By Alexandra Scaggs
U.S. stocks advanced broadly on Wednesday, as rising hopes of economic stimulus from Asia helped boost investor confidence.
The Dow Jones Industrial Average gained 88 points, or 0.5%, to 16351. The S&P 500 index advanced seven points, or 0.4%, to 1850 and the Nasdaq Composite Index climbed 16 points, or 0.4%, to 4050.
On Tuesday, stocks ended a roller-coaster session broadly higher. The Dow closed up 89 points to post the best two-day point gain since March 18.
The Nasdaq Composite was bolstered by strong gains in social-media and biotechnology stocks. The Nasdaq Biotechnology Index rose 0.9%. The Nasdaq has been roiled in recent sessions as investors fled social-media and biotech stocks, and the biotech index was down 4.1% for the year as of Tuesday's close.
Helping drive the early gains was a report showing that China's gross domestic product grew 7.4% in the first quarter, the slowest rate in 18 months, but above economists' forecasts of 7.3%. Traders said the slowing pace of growth raised investor hopes of more stimulus from the Chinese government.
"The Chinese data certainly corroborates the idea that the economy is slowing, but at the same time officials have become concerned enough" that more stimulus could be a possibility, said Dan Greenhaus, chief market strategist at New York brokerage firm BTIG. And that is a positive factor for stocks globally, he said.
Stocks in Europe and Asia gained on the news, with the Stoxx Europe 600 advancing 1% as the Chinese data offset mixed data from Europe.
In Asia, Japan's Nikkei Stock Average shot up 3%, helped by China's GDP data, and after Bank of Japan Governor Haruhiko Kuroda said he would closely monitor stock prices and that inflation was on a steady track toward the 2.0% target. China's Shanghai Composite gained 0.2%.
Stock futures pared some of their gains premarket after U.S. housing data missed forecasts. New residential construction for March rose 2.8% to a seasonally adjusted annualized rate of 946,000, falling well below forecasts of a rise of 6.4% to a seasonally adjusted annualized rate 965,000. Building permits fell 2.4% to 990,000, versus forecasts of 1.01 million.
Industrial production rose 0.7% in March, while a rise of 0.4% was forecast. Capacity utilization rose by more than expected as well.
At 12:25 p.m., Federal Reserve Chairwoman Janet Yellen is giving a speech on monetary policy and the economic recovery at the Economic Club of New York. The Fed's "beige book" report, a read on the U.S. economy from anecdotes gathered by the central bank's 12 districts, is due later in the afternoon.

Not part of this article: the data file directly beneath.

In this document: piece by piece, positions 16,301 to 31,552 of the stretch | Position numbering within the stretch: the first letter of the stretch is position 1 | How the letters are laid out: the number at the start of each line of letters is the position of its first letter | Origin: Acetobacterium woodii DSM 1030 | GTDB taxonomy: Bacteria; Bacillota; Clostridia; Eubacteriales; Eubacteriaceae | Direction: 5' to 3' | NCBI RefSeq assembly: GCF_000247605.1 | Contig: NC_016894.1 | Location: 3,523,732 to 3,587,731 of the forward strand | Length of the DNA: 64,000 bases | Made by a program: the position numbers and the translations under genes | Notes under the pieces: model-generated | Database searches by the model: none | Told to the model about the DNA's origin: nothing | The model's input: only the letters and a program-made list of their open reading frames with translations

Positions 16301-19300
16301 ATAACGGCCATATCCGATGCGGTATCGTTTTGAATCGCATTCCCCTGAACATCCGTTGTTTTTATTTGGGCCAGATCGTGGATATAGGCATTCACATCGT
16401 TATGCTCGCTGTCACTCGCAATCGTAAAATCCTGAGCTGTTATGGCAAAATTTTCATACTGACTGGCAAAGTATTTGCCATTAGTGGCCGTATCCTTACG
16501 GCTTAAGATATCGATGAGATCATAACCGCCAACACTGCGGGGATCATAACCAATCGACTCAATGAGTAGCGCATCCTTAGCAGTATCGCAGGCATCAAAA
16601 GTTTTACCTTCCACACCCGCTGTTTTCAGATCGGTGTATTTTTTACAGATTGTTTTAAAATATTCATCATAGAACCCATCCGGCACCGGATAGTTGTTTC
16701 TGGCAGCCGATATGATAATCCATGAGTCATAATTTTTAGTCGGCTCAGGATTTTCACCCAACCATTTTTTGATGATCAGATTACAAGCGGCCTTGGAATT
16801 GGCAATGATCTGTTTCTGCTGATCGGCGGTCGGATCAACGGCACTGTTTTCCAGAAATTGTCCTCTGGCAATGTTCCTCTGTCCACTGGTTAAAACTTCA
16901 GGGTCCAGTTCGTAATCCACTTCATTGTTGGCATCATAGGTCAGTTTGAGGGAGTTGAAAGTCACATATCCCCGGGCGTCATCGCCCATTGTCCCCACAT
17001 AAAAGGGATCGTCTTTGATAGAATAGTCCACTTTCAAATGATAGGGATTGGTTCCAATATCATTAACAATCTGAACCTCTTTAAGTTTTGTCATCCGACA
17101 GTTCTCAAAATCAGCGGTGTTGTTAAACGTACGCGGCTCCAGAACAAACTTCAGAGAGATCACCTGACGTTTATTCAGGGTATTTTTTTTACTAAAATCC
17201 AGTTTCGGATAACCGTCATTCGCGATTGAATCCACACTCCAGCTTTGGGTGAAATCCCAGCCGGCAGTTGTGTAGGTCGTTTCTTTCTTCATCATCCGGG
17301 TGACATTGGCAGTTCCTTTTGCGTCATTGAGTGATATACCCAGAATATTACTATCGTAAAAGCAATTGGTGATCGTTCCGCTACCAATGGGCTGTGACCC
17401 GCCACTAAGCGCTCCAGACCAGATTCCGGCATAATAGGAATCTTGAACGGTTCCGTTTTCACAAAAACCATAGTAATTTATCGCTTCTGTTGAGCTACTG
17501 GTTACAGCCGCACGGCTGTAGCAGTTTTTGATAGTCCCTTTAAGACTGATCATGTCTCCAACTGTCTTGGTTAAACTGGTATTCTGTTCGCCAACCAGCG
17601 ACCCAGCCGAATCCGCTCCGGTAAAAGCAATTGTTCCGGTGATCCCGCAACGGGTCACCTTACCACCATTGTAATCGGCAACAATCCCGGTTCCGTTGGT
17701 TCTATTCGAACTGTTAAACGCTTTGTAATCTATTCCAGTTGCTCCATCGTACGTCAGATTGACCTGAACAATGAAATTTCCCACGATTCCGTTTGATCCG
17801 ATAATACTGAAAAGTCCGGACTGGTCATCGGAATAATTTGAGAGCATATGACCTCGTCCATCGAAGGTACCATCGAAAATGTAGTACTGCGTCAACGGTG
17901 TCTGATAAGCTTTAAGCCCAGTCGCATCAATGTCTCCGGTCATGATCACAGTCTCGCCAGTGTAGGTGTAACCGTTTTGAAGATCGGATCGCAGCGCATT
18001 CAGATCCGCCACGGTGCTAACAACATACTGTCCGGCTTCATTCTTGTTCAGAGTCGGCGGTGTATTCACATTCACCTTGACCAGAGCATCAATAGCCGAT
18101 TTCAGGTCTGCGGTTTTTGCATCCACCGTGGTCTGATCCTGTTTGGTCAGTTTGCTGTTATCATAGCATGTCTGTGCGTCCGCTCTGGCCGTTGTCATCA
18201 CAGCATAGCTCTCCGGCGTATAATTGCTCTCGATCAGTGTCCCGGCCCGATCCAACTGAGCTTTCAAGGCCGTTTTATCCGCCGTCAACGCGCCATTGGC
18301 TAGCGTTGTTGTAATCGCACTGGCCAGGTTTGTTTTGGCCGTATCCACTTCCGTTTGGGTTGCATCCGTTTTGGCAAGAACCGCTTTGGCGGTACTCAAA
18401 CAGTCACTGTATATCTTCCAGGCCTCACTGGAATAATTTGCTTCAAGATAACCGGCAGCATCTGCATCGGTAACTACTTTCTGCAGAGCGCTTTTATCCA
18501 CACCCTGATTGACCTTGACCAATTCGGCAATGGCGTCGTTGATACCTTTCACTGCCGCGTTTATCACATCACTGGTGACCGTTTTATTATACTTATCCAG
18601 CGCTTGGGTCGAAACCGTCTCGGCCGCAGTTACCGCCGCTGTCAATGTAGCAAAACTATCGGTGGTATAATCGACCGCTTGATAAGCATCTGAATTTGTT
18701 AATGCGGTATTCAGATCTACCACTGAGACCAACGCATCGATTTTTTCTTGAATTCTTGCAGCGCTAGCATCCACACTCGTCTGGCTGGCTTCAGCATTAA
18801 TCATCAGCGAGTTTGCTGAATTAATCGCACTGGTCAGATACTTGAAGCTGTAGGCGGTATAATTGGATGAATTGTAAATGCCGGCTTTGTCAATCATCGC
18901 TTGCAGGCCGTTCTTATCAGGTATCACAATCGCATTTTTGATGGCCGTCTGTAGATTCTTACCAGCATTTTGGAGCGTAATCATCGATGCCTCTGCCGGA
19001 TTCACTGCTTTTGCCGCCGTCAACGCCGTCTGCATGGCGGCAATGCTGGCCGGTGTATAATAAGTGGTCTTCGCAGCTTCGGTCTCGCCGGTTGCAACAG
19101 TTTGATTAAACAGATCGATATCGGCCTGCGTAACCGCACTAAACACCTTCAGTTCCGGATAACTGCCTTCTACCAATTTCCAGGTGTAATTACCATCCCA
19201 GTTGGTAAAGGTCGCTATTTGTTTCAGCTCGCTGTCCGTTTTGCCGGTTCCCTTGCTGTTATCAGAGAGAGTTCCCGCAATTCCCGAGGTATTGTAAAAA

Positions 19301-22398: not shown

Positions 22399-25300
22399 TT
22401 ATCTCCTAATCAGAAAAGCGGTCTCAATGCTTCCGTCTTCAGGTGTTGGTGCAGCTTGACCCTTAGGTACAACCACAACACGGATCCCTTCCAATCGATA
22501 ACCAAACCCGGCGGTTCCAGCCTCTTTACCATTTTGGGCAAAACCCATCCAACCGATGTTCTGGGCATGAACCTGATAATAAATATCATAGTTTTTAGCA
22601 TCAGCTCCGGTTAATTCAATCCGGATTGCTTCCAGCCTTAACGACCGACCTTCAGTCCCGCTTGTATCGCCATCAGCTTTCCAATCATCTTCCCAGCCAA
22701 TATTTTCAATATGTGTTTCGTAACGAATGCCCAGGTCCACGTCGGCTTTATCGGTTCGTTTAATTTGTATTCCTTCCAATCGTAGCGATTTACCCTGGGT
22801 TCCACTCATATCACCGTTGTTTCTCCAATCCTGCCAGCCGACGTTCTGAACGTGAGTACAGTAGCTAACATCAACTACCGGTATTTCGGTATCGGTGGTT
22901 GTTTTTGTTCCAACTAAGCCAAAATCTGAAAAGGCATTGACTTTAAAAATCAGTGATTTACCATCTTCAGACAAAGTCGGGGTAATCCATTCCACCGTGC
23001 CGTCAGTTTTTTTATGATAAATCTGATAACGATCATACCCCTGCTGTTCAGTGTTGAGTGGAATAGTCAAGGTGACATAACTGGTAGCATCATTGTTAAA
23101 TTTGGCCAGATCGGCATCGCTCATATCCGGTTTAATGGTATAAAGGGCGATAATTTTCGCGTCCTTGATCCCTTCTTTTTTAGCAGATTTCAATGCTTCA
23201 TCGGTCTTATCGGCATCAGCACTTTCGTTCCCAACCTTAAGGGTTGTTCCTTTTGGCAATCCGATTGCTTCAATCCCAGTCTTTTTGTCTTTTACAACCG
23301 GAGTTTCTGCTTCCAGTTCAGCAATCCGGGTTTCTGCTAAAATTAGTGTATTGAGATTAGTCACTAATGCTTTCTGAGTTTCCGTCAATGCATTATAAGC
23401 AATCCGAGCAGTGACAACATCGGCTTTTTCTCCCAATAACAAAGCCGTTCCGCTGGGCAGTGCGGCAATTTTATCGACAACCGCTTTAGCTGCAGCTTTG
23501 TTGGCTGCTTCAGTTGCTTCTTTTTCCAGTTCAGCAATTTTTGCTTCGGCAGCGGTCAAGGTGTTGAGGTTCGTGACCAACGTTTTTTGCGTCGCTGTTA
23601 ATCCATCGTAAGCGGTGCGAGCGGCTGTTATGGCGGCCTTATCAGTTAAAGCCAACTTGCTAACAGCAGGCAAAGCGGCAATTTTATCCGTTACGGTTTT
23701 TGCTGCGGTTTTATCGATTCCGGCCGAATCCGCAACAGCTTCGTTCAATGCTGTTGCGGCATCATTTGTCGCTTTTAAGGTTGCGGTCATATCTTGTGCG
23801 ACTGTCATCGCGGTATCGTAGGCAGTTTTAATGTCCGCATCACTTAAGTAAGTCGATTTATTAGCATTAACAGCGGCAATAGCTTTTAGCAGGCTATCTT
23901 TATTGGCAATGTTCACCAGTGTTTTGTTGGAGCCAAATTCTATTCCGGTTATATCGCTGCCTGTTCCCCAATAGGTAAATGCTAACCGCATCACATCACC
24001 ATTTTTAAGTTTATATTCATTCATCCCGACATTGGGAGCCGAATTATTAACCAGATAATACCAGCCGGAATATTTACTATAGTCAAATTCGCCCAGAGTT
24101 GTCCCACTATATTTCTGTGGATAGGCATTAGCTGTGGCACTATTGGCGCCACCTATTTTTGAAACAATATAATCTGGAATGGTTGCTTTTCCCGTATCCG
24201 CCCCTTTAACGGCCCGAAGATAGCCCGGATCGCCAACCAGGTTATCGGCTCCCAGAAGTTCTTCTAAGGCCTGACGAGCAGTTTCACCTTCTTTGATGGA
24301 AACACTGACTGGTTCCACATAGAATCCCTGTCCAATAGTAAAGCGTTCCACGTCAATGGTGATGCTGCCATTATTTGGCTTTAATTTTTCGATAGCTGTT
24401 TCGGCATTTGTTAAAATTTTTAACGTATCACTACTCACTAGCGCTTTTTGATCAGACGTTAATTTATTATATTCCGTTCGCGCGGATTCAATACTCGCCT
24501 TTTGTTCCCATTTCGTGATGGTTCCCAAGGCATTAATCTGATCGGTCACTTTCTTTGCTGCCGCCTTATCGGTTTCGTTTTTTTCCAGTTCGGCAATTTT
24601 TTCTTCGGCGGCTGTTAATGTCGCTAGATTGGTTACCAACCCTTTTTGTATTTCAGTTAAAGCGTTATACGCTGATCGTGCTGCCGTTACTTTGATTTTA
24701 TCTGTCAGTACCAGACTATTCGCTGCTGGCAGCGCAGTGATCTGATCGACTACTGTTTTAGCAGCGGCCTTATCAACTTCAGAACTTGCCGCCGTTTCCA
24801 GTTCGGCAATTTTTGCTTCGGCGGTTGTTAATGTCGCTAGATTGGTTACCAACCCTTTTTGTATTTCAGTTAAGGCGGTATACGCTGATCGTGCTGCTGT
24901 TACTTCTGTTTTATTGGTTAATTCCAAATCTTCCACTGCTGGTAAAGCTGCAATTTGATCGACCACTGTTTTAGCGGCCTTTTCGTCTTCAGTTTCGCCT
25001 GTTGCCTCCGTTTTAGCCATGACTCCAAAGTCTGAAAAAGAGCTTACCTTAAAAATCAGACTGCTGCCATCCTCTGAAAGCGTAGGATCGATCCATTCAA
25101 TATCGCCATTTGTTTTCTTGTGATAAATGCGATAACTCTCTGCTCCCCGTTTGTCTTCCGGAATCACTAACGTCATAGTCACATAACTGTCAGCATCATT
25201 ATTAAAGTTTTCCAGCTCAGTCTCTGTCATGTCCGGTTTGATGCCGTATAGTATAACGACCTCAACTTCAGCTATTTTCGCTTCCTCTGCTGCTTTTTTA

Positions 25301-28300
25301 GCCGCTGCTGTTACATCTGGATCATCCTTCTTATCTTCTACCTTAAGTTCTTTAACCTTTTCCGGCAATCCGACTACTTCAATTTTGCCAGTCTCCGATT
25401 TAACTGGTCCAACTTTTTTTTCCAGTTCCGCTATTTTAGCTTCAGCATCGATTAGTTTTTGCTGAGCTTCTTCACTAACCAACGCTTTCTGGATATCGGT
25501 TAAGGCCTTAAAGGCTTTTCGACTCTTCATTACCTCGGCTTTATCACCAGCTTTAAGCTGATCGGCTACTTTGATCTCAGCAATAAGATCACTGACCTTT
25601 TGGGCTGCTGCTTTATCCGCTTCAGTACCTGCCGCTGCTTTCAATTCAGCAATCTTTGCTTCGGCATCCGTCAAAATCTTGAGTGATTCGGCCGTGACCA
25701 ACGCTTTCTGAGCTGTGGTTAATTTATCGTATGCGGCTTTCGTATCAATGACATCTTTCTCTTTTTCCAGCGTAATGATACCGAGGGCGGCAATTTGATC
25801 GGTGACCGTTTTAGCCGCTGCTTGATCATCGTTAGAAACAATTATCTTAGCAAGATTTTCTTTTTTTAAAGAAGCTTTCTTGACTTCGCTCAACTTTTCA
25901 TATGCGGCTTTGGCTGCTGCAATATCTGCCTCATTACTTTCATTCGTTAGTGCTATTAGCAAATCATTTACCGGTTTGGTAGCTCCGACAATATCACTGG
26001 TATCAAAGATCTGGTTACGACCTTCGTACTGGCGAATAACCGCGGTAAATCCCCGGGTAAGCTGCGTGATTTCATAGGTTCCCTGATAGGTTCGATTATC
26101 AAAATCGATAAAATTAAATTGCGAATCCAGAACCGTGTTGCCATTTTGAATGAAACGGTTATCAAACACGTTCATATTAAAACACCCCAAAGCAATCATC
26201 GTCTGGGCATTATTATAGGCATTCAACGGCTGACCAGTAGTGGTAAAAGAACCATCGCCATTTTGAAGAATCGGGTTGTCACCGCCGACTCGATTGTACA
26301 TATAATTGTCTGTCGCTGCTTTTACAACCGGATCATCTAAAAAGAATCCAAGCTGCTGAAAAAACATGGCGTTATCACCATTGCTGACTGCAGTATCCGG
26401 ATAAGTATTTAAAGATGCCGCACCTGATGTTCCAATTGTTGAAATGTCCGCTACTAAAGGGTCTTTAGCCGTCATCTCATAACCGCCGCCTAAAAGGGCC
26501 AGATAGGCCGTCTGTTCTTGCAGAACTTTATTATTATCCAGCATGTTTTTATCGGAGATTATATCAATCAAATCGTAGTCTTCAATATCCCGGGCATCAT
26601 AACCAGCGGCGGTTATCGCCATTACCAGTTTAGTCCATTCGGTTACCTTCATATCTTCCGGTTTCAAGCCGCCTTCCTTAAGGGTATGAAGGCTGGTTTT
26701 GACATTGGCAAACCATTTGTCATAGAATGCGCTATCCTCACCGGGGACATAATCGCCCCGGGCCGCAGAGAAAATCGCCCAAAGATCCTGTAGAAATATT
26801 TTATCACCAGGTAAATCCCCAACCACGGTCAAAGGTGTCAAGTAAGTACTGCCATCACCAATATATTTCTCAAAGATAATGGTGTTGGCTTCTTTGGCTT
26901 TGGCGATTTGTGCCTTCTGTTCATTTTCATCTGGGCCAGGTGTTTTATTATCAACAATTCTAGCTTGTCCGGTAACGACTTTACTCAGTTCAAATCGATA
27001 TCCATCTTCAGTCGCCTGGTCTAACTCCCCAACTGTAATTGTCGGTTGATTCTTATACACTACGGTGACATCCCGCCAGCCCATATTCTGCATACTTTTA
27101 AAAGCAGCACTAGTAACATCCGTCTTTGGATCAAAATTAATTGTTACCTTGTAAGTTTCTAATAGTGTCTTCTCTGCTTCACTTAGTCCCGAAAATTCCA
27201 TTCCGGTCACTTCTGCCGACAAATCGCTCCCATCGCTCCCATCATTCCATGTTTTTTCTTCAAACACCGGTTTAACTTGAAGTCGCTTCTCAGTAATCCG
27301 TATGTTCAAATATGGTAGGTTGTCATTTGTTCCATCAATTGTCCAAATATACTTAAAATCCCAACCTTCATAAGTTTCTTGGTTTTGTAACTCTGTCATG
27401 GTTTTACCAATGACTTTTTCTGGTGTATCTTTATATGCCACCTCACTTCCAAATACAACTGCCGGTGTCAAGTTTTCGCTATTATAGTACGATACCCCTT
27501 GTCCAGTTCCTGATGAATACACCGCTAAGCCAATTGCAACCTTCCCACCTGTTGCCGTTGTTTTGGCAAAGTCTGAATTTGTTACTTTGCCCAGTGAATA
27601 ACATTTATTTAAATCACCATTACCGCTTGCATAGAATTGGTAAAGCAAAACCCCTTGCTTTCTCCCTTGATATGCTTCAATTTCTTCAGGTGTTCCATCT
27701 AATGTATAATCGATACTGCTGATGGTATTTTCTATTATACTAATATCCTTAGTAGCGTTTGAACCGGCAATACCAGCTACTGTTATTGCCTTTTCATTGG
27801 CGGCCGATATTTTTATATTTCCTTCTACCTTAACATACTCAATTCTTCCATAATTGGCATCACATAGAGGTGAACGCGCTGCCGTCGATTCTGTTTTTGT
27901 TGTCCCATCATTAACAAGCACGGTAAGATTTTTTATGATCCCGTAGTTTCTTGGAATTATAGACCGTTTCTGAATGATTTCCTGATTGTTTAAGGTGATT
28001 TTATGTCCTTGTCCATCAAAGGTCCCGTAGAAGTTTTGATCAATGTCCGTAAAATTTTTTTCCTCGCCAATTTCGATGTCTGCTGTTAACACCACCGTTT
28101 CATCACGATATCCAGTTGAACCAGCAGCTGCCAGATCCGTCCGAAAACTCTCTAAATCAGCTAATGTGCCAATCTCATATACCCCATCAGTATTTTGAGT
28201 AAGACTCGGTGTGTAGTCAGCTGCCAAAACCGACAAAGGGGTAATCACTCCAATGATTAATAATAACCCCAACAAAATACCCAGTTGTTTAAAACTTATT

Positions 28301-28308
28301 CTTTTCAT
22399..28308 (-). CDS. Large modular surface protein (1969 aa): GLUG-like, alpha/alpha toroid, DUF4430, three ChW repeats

The yield on the 10-year Treasury note rose to 2.648% from 2.628% late Tuesday.
The data from China helped offset mixed corporate earnings reports. With 47 companies reporting, the S&P 500 is on pace to report that first-quarter earnings declined 1.9% from the previous year, according to FactSet, and that sales rose 2.2%.
Dow component Intel rose 0.8% after reporting late Tuesday first-quarter earnings that topped analyst estimates, while revenue was in line with its forecast and PC sales continued to decline.
Yahoo surged 7% after first-quarter results exceeded expectations, and the company provided an upbeat revenue outlook for the current quarter.
Bank of America slipped 2.9% after the banking giant reported it swung to a first-quarter loss as a result of previously-disclosed litigation expenses, while revenue fell slightly less than expected.
Gold futures gained 0.3% to $1,304.20 a troy ounce, after falling 2% Tuesday to mark the biggest one-day percentage loss since Dec. 19.
Crude-oil futures added 0.8% to $104.63 a barrel. The dollar rose against the yen, but lost some ground against the euro.
In other corporate news, Google, which is due to report results after the close, rose 1.9%.
Twitter slipped 3.8%. The stock shot up 11% Tuesday, the biggest one-day gain since the microblogging site went public in November. Tuesday's rally came one day after some of the company's earliest and biggest backers said they didn't plan to sell shares when rules barring them from doing so expire next month.
Twitter had been one of the hardest-hit of the previous highfliers, as the stock was down 37% on the year through Friday, after ending last year 145% above its $26 initial public offering price.
Write to Alexandra Scaggs at email@example.com